(KERO) — Many smaller Kern County cities do not have their own fire departments, which means cities like Arvin and Taft contract services from the Kern County Fire Department. But officials are now saying that the cost of those services is increasing, leading to a financial strain and possible further problems down the road.
A union representing Kern County firefighters tells us that the department may need to increase the cost of those services quite a bit. He says the department is losing a lot of money from servicing those contracted cities.
“In reality, we have a revenue issue and the contract cities are a big contributor to that, almost 10 million dollars in loss each year," said Dave Nelson, the president of the Kern County Firefighters Association, a union representing Kern County firefighters.
KCFD provides contracted services to nine kern county cities, and Nelson says those contracts have been given at a discounted rate.
“We were working with a flawed formulary, and not capturing those true costs," Nelson said.
Nelson says the current contracts were not adjusted for things like inflation, fuel costs, and increases in labor costs, among other things. As a result, he says the price of a fire department contract is going up.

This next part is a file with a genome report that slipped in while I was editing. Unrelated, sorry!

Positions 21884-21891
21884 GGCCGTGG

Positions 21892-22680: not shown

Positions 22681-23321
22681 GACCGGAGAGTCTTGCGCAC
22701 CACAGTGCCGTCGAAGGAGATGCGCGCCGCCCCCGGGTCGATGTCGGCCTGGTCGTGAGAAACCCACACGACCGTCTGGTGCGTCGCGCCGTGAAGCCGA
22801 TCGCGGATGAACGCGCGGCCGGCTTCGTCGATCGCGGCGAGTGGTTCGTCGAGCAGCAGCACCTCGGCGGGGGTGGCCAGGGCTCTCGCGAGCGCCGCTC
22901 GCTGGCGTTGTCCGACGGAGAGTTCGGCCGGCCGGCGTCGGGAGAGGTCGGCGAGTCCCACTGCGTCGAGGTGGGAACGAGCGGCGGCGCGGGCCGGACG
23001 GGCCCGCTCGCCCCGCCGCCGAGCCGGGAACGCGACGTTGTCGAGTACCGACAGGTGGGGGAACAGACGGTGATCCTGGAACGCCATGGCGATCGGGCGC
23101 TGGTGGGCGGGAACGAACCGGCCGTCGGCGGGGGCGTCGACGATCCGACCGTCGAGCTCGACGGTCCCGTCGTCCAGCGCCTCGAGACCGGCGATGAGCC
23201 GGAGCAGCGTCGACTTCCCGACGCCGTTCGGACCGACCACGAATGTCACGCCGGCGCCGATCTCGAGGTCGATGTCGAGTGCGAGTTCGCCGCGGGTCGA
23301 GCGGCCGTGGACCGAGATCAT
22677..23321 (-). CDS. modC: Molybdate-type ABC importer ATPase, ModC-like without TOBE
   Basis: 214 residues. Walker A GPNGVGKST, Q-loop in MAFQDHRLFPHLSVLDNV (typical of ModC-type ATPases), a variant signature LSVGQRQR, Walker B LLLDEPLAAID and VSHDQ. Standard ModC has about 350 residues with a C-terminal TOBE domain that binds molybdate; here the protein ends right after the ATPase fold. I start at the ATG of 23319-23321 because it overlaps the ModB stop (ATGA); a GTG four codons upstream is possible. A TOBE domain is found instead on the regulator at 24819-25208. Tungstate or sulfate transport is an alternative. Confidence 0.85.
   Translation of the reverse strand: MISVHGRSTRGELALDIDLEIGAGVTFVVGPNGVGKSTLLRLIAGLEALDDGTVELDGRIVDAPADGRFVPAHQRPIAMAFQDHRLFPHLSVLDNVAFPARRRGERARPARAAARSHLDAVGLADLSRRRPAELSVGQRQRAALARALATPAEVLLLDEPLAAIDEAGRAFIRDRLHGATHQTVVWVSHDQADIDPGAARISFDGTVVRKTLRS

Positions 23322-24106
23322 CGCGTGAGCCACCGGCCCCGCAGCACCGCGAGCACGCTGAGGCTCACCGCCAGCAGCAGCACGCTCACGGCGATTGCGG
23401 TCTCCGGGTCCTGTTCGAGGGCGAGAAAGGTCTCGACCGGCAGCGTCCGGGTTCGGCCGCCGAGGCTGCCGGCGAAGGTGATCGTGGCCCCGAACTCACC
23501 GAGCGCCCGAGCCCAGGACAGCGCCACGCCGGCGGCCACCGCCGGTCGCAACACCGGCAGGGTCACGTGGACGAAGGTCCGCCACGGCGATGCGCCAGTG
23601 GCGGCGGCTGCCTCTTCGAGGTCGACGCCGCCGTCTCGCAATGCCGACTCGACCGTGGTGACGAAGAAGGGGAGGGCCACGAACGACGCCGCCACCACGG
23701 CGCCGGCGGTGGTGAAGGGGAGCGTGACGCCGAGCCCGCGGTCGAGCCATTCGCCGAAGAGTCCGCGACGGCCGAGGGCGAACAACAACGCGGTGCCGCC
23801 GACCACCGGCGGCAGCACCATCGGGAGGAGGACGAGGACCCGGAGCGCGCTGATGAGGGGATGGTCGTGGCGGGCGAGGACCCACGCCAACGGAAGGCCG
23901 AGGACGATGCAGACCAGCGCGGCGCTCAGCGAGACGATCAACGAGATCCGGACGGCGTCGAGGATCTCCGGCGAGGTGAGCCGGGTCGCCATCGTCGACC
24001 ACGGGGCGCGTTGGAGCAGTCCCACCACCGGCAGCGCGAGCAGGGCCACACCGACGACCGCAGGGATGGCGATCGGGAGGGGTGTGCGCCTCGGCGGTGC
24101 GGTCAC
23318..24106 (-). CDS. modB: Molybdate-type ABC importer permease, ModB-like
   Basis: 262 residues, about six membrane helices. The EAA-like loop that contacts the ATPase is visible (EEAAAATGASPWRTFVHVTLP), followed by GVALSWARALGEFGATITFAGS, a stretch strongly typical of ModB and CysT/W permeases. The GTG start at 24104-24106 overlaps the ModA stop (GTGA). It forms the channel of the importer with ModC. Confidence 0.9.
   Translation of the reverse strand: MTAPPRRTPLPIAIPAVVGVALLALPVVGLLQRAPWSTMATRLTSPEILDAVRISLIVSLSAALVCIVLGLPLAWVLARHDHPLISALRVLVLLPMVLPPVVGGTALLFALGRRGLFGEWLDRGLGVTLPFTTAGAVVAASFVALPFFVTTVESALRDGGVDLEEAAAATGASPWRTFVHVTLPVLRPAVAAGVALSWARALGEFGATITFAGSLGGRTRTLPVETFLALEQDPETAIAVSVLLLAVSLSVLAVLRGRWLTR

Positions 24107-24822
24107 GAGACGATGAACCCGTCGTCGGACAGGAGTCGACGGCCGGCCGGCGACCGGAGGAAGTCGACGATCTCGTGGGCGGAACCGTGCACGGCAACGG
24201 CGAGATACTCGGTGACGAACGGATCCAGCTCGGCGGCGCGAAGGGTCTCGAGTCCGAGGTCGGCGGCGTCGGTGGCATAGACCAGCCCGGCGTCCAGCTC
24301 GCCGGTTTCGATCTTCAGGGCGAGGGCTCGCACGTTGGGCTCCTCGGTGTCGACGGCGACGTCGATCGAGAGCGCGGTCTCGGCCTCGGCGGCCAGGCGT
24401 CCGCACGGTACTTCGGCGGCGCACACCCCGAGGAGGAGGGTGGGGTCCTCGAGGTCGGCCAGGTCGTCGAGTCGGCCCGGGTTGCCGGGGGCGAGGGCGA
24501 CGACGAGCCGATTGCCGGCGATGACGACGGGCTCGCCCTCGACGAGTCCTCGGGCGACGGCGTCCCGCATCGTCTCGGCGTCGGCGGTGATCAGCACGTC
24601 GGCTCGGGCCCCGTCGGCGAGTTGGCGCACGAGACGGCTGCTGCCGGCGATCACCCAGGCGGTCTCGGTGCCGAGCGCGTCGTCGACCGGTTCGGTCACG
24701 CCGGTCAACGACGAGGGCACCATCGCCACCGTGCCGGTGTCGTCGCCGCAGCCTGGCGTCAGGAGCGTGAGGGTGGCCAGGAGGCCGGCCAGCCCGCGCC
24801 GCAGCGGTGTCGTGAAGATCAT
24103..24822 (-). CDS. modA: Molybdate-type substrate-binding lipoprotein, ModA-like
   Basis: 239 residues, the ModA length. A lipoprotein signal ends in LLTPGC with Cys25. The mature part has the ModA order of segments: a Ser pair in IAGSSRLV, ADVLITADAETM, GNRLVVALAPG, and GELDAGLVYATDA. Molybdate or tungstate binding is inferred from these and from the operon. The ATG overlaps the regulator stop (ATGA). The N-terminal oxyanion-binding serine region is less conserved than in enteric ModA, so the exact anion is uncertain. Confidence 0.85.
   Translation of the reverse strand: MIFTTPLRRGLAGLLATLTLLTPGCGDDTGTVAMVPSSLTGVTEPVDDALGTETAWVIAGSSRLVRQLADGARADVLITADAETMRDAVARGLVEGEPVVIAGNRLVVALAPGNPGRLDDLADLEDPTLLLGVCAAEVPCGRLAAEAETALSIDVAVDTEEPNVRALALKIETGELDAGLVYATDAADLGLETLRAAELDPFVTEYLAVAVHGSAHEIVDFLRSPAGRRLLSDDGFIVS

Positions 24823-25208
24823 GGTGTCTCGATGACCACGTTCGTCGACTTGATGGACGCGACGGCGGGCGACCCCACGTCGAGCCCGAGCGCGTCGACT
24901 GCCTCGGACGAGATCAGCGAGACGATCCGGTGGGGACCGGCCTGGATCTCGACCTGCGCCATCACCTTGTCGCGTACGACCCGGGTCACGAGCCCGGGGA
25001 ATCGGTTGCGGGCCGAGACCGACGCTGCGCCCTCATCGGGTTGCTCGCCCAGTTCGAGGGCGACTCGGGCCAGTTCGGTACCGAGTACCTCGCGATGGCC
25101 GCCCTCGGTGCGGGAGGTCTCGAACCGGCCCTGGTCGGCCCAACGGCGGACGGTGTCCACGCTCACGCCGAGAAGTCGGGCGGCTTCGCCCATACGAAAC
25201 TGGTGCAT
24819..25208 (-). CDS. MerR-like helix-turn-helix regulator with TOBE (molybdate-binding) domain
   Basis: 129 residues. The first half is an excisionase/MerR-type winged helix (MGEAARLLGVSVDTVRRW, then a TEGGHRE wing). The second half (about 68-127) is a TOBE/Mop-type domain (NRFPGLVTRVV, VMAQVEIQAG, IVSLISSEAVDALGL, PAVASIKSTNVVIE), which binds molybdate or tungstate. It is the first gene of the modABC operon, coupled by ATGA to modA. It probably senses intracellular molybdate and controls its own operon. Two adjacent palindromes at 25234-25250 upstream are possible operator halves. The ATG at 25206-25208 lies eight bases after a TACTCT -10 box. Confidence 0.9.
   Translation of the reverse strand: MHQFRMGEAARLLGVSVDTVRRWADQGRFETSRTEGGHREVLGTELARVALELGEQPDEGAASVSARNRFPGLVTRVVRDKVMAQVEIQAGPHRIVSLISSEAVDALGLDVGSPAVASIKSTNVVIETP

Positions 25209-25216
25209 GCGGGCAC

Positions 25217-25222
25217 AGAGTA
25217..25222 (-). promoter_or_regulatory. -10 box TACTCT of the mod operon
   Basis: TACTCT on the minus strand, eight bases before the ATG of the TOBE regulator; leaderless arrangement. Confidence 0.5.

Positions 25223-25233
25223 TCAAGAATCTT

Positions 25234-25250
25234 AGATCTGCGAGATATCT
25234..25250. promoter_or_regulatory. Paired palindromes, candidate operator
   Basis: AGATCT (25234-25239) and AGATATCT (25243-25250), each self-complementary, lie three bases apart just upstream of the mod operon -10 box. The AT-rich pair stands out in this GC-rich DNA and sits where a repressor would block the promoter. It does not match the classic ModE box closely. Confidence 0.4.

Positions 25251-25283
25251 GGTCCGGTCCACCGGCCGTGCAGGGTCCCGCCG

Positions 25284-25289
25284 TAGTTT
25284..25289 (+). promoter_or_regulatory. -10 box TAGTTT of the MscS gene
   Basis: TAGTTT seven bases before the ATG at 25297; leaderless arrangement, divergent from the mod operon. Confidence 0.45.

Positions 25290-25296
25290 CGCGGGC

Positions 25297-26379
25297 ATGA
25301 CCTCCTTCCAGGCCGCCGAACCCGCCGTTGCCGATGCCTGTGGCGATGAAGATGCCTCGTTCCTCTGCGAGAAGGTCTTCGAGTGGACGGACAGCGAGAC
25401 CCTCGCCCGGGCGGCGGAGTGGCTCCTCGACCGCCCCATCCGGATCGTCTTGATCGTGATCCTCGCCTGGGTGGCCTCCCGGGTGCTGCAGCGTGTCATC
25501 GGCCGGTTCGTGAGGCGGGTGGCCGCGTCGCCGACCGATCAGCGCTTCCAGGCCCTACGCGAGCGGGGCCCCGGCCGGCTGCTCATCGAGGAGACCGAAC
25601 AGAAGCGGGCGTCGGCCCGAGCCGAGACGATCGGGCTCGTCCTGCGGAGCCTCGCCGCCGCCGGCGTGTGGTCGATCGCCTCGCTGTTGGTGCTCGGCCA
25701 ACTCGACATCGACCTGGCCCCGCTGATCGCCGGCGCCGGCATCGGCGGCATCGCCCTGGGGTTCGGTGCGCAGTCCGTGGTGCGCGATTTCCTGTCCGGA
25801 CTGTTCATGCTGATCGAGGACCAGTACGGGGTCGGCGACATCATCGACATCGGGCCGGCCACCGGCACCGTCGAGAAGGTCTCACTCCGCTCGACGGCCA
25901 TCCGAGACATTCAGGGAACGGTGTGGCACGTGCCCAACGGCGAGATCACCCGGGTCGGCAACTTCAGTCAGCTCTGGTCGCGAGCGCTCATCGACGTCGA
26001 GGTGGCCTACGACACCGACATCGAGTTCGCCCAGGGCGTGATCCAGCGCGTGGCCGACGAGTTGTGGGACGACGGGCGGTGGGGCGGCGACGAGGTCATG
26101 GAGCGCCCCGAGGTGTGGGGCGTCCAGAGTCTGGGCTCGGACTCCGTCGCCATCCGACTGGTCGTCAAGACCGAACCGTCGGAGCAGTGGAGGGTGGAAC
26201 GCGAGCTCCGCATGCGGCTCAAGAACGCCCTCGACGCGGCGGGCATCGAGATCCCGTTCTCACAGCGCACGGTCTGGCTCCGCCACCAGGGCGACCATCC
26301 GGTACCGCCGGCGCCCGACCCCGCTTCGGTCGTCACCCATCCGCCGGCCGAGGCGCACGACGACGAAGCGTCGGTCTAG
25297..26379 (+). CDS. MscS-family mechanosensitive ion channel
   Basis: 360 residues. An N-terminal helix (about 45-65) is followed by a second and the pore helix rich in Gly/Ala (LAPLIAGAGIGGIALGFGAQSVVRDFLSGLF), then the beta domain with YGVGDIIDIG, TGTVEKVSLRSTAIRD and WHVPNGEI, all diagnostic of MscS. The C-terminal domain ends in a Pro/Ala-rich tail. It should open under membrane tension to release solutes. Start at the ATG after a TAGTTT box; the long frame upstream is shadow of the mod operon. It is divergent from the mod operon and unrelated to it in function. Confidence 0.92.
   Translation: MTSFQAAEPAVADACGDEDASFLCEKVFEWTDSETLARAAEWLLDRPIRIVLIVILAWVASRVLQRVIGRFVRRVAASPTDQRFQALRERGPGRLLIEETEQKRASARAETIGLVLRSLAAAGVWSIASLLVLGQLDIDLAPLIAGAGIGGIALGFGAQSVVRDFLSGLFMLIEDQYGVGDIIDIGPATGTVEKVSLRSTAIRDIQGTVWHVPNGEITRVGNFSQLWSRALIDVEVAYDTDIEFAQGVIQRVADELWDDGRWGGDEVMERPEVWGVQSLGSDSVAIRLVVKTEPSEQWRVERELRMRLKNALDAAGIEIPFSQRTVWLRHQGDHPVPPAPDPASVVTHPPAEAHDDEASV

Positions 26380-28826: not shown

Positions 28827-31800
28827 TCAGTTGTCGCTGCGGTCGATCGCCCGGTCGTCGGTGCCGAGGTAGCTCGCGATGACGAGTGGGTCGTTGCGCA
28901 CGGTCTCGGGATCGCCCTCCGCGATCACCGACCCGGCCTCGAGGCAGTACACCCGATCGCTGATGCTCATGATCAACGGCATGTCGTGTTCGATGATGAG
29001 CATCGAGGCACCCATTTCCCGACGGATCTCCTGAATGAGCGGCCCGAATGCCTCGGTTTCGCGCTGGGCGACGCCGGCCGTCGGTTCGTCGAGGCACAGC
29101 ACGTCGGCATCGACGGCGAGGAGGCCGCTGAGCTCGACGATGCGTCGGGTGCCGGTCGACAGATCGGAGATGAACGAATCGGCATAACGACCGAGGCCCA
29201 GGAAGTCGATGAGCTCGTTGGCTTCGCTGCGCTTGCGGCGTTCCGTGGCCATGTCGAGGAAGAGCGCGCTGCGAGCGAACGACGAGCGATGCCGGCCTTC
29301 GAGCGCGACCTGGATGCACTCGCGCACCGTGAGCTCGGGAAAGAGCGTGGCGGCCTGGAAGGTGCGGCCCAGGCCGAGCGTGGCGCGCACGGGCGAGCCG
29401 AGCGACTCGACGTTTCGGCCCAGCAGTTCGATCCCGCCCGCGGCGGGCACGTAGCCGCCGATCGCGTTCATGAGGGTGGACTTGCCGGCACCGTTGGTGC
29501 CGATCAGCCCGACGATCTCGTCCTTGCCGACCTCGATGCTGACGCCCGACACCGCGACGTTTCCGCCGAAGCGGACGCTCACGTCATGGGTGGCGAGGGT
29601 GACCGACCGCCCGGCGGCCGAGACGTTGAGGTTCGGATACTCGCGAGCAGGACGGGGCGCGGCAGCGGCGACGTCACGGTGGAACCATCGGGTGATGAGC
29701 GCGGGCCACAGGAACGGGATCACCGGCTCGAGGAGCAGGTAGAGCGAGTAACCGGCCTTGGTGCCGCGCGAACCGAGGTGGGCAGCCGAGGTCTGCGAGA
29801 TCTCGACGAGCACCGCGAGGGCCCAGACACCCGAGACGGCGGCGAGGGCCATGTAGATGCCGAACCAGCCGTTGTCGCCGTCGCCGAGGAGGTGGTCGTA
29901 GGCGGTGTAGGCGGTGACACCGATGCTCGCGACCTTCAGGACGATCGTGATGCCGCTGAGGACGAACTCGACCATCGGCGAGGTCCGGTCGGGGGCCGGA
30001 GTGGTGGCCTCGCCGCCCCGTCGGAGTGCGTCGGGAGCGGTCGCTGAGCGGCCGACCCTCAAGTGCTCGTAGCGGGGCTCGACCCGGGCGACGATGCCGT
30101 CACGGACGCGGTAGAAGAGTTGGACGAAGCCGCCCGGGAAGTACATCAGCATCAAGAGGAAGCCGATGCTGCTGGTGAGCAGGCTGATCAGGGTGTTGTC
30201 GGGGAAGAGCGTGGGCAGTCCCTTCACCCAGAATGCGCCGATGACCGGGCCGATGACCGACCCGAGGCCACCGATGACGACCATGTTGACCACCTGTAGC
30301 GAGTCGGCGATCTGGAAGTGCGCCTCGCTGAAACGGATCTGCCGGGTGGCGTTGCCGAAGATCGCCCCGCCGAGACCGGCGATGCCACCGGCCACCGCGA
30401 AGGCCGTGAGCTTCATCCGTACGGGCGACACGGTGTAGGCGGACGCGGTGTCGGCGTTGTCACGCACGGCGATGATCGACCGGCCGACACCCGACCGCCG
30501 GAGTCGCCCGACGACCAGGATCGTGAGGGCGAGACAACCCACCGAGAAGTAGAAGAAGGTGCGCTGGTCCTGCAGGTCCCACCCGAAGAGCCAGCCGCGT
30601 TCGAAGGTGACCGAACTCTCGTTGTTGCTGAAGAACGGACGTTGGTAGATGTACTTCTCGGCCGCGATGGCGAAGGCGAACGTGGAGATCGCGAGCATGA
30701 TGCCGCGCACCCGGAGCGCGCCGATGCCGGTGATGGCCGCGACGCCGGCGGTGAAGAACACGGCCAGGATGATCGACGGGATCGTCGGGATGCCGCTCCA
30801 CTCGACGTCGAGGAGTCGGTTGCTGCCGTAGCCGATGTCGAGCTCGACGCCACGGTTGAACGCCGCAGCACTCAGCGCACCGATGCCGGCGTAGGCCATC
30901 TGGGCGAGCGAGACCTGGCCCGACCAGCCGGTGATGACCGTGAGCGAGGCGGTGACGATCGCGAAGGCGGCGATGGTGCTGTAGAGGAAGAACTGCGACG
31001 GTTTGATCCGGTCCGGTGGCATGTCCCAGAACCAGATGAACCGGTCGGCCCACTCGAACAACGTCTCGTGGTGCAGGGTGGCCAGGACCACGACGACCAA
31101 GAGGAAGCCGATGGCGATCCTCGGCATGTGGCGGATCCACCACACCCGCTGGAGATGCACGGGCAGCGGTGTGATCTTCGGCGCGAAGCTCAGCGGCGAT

“They're talking about an increase for like $700,000 to $1.5 million," said Jeff Jones, acting city manager of Arvin.
Arvin is one of several cities saying that KCFD is aiming to increase its contract rates in the future by as much as double.
“Really the only way we’re going to be able to afford this is bringing in additional revenue or cutting expenses in the next five years," Jones said.
In a report by the city of Taft's financial director, Taft also estimates their contract with KCFD is expected to double over the next 5 years. The report in the June 15th Taft city council agenda says “unless we address this challenge, the city may have no choice but to reduce fire protection and paramedic services, increasing 911 response times and jeopardizing the lives of Taft residents needing life-saving emergency medical assistance.”
“I know certainly our goal is not to bankrupt any city," Nelson said.
The firefighter’s association believes it’s unlikely that staff or resources could be reduced at county fire facilities because staff and resources are already pretty thin. Looking forward, it will be up to KCFD and its contracted cities to negotiate the best way to move forward.
“This is a harsh reality of where we’re at, and we have to work together cohesively to find a reasonable solution," Nelson said.